James Mills doesn't have any ties to Texas A&M, but like a lot of Aggies he has Johnny Manziel partially to thank for a great year.
Mills, an attorney from Tyler, was at the deer lease the second week of the regular season. On paper, it wasn't a good weekend to be there.
“It was 85 degrees and the wind was blowing 25 miles per hour and the deer were not moving,” Mills recalled.
Last season didn't offer much of an education for someone new to a lease. The drought reduced deer quality and hunting options to almost zero. But with a good spring and protein feeding program, Mills was optimistic about a good sophomore season and the prospect of some older bucks.
After an unsuccessful morning hunt, Mills and a friend were spending the mid-afternoon working on a deer blind while listening to the Aggies and Manziel dismantle Alabama on the radio.
The ground blind is located on a rise above a tank, and although his friend couldn't see the tank a hundred yards away from inside the blind, Mills could when he walked back and forth to the truck.
“About 3 I walked back to the truck to get some tools and I looked down at the tank and saw this deer getting a drink,” Mills recalled.
“I was sneaking up to tank and he yells 'What did you see, a hog?' I tried to tell him to be quiet. He never did see the deer,” Mills said.
The hunter had the wind to his advantage, but the sun was to the deer's advantage, shining straight into Mills' eyes. He could tell it was a buck and he could make out the silhouette of a drop tine that made the next decision easy. Standing just 80 yards from the deer, Mills took an offhand shot with his 7mm magnum rifle.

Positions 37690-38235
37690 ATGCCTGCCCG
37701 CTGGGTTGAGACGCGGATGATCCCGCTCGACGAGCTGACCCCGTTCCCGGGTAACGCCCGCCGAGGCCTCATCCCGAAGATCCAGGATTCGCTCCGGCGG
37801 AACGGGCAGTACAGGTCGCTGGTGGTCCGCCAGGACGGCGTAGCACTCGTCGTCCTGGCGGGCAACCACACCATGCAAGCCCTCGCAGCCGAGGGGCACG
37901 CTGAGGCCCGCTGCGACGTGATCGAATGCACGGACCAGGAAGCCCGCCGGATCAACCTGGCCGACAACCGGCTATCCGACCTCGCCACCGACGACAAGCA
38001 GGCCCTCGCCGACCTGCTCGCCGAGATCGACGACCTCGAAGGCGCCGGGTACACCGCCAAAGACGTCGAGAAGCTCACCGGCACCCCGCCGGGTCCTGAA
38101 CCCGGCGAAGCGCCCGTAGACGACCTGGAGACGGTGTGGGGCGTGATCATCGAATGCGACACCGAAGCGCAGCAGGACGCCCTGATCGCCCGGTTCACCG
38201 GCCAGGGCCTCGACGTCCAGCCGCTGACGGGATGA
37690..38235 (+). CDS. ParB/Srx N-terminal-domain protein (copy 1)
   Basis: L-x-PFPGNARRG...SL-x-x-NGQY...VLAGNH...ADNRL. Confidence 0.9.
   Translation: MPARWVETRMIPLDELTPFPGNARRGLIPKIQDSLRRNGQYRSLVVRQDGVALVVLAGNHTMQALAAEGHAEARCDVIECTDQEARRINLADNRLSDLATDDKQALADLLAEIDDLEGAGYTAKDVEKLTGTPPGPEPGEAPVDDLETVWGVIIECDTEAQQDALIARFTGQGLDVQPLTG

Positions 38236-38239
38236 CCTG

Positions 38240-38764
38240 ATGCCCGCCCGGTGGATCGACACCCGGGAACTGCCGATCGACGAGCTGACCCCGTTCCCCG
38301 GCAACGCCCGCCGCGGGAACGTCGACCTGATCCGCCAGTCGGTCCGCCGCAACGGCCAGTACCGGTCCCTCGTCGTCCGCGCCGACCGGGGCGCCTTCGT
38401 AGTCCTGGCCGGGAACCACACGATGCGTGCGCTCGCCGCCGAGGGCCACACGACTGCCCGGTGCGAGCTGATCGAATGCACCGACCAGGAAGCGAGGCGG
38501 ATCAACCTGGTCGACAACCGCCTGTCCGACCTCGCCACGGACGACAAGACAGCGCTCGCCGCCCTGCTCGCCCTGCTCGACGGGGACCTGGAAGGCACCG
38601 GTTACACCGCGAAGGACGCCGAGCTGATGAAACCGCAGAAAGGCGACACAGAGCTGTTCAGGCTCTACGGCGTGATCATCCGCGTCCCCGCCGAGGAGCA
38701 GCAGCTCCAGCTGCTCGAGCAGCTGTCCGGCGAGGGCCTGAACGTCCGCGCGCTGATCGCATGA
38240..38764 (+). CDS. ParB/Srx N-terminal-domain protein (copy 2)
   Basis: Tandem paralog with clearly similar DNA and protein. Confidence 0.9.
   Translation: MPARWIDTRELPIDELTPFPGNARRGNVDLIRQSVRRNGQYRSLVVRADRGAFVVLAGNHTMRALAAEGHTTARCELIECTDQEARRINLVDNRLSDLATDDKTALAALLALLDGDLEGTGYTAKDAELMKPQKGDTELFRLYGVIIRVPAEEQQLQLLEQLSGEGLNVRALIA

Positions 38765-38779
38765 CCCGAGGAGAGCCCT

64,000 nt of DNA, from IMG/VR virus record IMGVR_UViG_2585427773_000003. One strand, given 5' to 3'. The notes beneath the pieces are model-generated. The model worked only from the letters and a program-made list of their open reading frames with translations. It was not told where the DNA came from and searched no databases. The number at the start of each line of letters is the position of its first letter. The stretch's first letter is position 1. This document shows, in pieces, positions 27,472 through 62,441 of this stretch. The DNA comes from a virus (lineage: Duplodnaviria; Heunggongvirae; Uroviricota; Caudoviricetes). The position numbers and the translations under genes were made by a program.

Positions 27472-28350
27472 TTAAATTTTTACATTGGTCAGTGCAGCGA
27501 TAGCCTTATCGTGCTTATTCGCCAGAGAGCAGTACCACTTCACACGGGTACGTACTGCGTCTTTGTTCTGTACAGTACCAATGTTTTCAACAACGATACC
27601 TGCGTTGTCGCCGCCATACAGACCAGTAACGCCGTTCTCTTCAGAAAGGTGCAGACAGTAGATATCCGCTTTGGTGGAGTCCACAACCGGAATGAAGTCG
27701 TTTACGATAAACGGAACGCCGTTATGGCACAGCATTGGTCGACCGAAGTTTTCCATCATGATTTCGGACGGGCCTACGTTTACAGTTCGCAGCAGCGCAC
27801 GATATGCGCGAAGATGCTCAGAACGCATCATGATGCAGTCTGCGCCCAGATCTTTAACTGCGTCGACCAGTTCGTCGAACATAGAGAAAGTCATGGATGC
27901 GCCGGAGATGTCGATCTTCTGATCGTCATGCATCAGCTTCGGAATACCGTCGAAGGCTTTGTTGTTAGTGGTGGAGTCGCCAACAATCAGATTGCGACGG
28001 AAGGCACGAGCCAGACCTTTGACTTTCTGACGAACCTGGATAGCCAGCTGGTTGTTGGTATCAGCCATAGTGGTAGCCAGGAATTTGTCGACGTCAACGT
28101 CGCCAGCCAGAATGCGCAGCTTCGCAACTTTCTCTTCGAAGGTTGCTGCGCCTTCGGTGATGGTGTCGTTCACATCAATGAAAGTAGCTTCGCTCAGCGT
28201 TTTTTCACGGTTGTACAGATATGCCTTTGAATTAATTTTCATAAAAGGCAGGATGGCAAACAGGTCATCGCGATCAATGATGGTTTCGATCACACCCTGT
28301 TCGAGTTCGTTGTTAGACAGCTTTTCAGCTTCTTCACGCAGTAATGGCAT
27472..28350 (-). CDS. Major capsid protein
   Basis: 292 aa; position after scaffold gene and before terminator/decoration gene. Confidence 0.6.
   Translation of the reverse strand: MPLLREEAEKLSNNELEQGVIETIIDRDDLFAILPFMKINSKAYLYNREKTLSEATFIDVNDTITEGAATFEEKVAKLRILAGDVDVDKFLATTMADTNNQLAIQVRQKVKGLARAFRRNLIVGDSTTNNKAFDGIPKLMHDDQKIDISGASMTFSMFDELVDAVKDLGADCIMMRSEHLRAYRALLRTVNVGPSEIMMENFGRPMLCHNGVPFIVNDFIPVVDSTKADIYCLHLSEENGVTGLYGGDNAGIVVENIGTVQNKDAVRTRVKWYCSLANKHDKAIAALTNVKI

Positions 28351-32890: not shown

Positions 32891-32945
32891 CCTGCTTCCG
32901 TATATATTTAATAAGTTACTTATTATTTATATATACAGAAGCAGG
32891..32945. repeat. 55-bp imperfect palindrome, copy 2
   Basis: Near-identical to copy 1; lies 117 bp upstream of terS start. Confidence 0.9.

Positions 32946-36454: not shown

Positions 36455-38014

“He dropped in his tracks, but because I was looking into the sun I really could not tell how big he was until we walked down to the tank,” Mills said. Actually, with the deer's neck, head and most of its antlers submerged, he couldn't tell what he had until they pulled it out of the water.
“The guy with me said 'What did you shoot?' I said I think I just shot a big deer,” Mills said.
What he had was a unique 18-point buck, a 12X6 on a typical 10-point frame, that has been green gross scored at 186 3/8 non-typical and netted 181 1/8. A score of 195 net is required to make the Boone & Crockett record book.
Scored for the Texas Big Game Awards, the deer had main beams stretching more than 23 inches, G2 tines that measured 10 2/8 and 11 7/8 inches and G3s that were 10 4/8 and 9 7/8 inches. The buck also had 22 3/8 inches of non-typical points, including the 4-inch drop tine that initially got Mills' attention.
For those that know him, Mills said the unusual thing may have been more that he snapped off a quick shot rather than him taking a trophy (even though his previous best was a 130-class deer).
“That is the weird thing about it. So many things could have happened, and I am notorious for not shooting a deer. My first instinct is to get the binoculars or get the video camera or the camera,” Mills said.
Having hunted the region all of his life, Mills said he never thought he would see a 180-inch deer, much less take one.
"The moral of the story is, when you go to work on your stand in the middle of the afternoon be sure to take your rifle just in case because you never know what might show up to get a drink of water,” he said.
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